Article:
eSports is a growing industry and Windows Central is going begin bringing you the latest news and updates surrounding the growing entertainment scene.
This week packed some large announcements from some of eSport's biggest names, including Overwatch, which kicked it's league off in style, and Call of Duty.
League of Legends
Riot Games announced all we need to know about the new North America LCS Academy League, which aims to increase the development rate of upcoming professional players. Challenger just wasn't enough (and was focused more on getting new teams into the LCS) and the new league allows for teams to train new players in a pro-format setting.
Games will be played out on the Riot Games official Twitch channel and will be broadcast at 3:00 pm PT every Friday, following EU LCS. Matches will also be played on Thursday, but will not be broadcast and will be available, instead, as VODs on YouTube and other platforms. Teams in the Academy League are able to have just one international player on the squad to better focus on developing native American talent. It all sounds good and should provide viewers with even more Rift action.
2018 is going to be huge for eSports as a whole and Business Insider recently compiled a list of all the big brands that are throwing money at the industry in sponsorship. Names included Intel, Coca-Cola, Comcast Xfinity, Red Bull, Mountain Dew, T-Mobile, Mobil 1, Audi, and Airbus. Then one has to take into account organizations from traditional sports purchasing spots in respective LCS leagues.
Overwatch League kicked off this week on Wednesday, which saw a new format for the industry putting teams representing cities from across the world. With such local representation on the table, organizers are hoping to see an increase in ticket sales and merchandise with more supports wanting to get in on the live action to cheer alongside others and witness their team make the finals (or crash and burn horribly in the process). Twelve teams make up the first Overwatch League, which will be played through June with a combined prize of $3.5 million.
Finally I can reveal my new chapter, Overwatch League Analyst! This is going to be immensely challenging and rewarding. Farewell League of Legends, hello 2CP!https://t.co/s7CzmxlenGFinally I can reveal my new chapter, Overwatch League Analyst! This is going to be immensely challenging and rewarding. Farewell League of Legends, hello 2CP!https://t.co/s7CzmxlenG— Alberto Rengifo (@AlbertoMRengifo) January 8, 2018January 8, 2018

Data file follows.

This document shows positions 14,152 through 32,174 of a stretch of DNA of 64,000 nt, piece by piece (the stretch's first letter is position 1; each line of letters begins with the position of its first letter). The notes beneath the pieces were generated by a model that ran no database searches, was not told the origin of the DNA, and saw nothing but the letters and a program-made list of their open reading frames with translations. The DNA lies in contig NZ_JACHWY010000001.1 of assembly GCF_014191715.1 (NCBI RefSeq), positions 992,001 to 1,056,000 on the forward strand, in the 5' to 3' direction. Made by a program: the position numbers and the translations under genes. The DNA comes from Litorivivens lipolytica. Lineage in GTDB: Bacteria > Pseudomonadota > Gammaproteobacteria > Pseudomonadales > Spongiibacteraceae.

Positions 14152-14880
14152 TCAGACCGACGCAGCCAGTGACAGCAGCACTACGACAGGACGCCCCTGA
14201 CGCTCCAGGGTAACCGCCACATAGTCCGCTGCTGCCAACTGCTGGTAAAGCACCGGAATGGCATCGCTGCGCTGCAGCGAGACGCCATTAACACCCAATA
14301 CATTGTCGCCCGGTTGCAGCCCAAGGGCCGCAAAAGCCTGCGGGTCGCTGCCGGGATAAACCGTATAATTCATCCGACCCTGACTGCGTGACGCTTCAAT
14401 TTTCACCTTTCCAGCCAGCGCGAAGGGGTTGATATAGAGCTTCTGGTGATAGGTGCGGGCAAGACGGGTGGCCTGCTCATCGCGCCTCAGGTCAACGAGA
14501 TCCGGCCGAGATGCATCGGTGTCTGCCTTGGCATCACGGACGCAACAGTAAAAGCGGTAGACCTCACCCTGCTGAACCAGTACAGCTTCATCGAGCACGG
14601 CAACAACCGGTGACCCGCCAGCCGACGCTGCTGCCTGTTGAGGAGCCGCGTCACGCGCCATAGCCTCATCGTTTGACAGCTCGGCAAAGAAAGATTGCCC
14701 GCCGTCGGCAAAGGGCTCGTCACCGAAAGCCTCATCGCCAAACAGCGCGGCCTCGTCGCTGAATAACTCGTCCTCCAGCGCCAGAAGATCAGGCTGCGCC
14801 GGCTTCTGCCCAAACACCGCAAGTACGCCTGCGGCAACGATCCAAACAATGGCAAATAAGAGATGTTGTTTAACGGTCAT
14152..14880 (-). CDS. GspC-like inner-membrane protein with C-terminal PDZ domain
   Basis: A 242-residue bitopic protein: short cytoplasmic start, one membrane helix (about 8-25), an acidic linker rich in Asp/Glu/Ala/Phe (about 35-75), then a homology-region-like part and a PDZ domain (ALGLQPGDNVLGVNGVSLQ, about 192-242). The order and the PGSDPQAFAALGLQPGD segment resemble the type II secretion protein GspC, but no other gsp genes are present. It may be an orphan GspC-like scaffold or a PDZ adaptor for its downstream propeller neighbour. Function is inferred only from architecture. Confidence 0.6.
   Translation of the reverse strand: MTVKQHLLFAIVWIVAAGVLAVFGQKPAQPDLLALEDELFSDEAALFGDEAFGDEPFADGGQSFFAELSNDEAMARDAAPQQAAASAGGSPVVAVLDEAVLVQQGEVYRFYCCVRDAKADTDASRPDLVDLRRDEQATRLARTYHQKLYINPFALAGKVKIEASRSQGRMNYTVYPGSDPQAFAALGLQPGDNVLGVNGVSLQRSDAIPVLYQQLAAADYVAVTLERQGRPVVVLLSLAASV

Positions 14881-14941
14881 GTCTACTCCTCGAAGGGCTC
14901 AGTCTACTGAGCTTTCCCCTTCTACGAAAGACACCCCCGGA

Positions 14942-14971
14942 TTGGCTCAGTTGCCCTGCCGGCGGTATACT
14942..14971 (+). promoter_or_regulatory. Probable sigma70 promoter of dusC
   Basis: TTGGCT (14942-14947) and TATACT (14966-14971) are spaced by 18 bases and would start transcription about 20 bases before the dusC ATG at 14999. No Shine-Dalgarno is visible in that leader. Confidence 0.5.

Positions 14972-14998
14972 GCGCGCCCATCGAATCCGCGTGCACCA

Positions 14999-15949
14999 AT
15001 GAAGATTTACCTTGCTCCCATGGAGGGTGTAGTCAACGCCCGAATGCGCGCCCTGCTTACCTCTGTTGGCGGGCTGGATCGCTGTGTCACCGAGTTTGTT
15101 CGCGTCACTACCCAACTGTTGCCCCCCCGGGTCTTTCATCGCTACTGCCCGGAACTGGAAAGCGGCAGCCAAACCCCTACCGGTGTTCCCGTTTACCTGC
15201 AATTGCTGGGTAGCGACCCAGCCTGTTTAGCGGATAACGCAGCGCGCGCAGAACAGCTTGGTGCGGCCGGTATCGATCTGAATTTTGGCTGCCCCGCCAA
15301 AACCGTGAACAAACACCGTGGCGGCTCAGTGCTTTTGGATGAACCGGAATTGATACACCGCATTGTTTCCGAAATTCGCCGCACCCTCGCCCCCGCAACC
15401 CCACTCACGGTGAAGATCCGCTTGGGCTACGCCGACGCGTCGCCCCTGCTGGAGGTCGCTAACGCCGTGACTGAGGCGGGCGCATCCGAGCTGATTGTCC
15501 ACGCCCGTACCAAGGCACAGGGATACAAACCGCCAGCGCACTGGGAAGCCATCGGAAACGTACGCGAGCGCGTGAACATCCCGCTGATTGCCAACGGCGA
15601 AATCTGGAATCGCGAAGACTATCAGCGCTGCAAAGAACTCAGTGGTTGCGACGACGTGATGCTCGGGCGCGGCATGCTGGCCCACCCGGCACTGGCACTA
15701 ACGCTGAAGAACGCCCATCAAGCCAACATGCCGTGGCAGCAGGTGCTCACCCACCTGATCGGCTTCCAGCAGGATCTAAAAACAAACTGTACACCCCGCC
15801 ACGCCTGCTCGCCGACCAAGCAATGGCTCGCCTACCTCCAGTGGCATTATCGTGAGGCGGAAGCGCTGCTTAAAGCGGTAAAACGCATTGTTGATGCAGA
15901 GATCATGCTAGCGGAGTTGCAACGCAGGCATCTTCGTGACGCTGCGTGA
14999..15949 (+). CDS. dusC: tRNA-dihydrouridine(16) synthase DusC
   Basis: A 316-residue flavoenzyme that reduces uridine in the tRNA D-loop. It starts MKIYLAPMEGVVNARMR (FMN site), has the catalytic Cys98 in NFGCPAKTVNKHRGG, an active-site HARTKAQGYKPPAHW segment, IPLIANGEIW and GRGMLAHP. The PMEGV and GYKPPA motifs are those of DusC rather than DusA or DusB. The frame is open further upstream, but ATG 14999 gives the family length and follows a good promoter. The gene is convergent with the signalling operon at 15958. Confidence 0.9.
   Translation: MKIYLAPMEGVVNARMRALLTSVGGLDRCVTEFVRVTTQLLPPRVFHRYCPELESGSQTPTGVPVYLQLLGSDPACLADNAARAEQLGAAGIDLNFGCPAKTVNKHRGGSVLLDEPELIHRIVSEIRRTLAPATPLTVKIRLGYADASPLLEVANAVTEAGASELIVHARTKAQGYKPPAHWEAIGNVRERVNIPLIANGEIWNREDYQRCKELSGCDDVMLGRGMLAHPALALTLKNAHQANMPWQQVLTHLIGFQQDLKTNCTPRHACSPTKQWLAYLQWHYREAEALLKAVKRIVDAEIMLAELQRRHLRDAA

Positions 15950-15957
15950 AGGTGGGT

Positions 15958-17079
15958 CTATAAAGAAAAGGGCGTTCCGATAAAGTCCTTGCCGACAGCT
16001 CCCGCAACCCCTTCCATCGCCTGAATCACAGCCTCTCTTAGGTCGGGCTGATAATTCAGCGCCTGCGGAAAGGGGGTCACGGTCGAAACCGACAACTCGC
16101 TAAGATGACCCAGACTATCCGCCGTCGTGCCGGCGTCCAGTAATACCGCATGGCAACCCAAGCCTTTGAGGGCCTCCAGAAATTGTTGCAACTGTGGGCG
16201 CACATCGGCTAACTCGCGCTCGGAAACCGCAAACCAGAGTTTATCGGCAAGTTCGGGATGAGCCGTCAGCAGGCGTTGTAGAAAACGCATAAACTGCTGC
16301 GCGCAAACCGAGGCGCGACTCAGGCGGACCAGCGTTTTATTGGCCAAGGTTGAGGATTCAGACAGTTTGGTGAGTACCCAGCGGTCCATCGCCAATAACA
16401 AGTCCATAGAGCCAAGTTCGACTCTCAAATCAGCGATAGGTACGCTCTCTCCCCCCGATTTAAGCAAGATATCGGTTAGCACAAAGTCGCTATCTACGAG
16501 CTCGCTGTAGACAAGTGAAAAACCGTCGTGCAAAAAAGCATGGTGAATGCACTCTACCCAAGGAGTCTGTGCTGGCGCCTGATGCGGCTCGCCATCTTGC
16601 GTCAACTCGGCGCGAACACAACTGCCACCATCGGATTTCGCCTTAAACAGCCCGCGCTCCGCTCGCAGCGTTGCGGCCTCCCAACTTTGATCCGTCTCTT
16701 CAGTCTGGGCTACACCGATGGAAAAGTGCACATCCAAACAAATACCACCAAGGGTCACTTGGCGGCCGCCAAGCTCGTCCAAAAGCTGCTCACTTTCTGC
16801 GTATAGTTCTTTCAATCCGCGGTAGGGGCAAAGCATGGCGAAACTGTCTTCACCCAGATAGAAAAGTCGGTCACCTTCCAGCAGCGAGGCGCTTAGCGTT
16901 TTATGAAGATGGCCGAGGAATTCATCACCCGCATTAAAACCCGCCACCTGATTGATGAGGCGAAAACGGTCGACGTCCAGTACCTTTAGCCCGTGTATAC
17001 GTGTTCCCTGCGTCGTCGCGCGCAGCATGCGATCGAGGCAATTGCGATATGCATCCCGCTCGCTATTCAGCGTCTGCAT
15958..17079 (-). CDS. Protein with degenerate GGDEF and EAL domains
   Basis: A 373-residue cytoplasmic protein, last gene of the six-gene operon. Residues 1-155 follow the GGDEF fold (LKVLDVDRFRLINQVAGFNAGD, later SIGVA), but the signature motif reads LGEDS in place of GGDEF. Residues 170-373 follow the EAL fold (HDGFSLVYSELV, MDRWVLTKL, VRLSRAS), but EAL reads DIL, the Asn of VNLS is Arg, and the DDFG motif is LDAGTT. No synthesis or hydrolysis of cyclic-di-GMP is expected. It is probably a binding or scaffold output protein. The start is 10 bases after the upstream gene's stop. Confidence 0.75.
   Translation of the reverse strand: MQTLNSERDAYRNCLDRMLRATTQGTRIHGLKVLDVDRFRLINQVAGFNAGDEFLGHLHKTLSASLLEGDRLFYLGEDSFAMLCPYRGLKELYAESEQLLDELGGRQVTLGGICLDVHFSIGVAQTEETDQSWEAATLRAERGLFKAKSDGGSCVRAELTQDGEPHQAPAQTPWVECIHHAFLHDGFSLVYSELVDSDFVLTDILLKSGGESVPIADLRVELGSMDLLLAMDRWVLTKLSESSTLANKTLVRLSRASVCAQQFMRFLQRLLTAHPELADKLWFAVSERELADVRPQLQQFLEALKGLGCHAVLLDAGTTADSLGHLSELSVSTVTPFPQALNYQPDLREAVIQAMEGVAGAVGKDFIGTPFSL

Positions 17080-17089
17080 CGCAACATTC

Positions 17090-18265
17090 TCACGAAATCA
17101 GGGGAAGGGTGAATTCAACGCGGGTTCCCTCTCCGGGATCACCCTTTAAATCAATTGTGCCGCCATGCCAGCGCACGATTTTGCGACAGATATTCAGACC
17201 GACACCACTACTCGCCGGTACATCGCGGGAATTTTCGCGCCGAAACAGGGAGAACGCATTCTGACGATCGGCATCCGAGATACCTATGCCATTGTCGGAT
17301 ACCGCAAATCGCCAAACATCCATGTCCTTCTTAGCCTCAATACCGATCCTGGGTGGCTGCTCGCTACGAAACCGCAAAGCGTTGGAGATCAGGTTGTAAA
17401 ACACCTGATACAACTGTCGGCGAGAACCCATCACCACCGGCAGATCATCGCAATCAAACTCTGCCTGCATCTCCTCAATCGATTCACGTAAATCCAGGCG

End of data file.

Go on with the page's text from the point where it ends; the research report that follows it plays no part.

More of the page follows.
Activision Blizzard has signed some big names to form quite the talent lineup for hosts, analysts, and casters in 2018. As well as having the entertaining and intelligent Christopher "Montecristo" Mykles, Alberto "Crumbz" Rengifo has also made the move from Riot Games and League of Legends to Overwatch.
Call of Duty World League
The Call of Duty pro scene continues to grow and this weekend's New Orleans Open is one of the biggest events the game has ever seen. With 260 teams taking part across pool play and the open bracket, there's some serious Call of Duty to be played.
The competition between the top teams has already thrown up some shocks, and in New Orleans, Evil Geniuses were sent to make an open bracket run despite boasting former world champions in its ranks. There's added pressure, too, since a bad performance in New Orleans could jeopardise the chance of making the Pro League which kicks off on January 23.
Some of the big hitters made great starts on day one with tK, Luminosity, Optic Gaming and eUnited going 3-0 in their respective pools as they awaited the arrival of the open bracket teams. The knockout stage will then go into a double-elimination bracket in the chase for the $200,000 grand prize.
World of Warcraft
One may wonder what on Earth World of Warcraft is doing in this round-up but Activision Blizzard has used its aging Massively Multiplayer Online Role-Playing Game (MMORPG) to host competitive tournaments and 2018 is going to get even bigger. There will be more cups to win, a total of nine for North America and a further nine for Europe, larger pools of $10,000 (up from $6,000), as well as seasons with seasonal finals.
And that's just for the arenas, WoW will also hold the Mythic Dungeon Invitational in the first half of 2018. It's an exciting time for WoW eSports since it's pretty much open to all players and there's both PvP and PvE content available for viewers to enjoy.
Future of eSports
Be sure to stick around for more eSports coverage as we look to expand into the industry and let us know in the comments if you've been checking out any broadcasts this weekend.
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Rich Edmonds was formerly a Senior Editor of PC hardware at Windows Central, covering everything related to PC components and NAS. He's been involved in technology for more than a decade and knows a thing or two about the magic inside a PC chassis. You can follow him on Twitter at @RichEdmonds.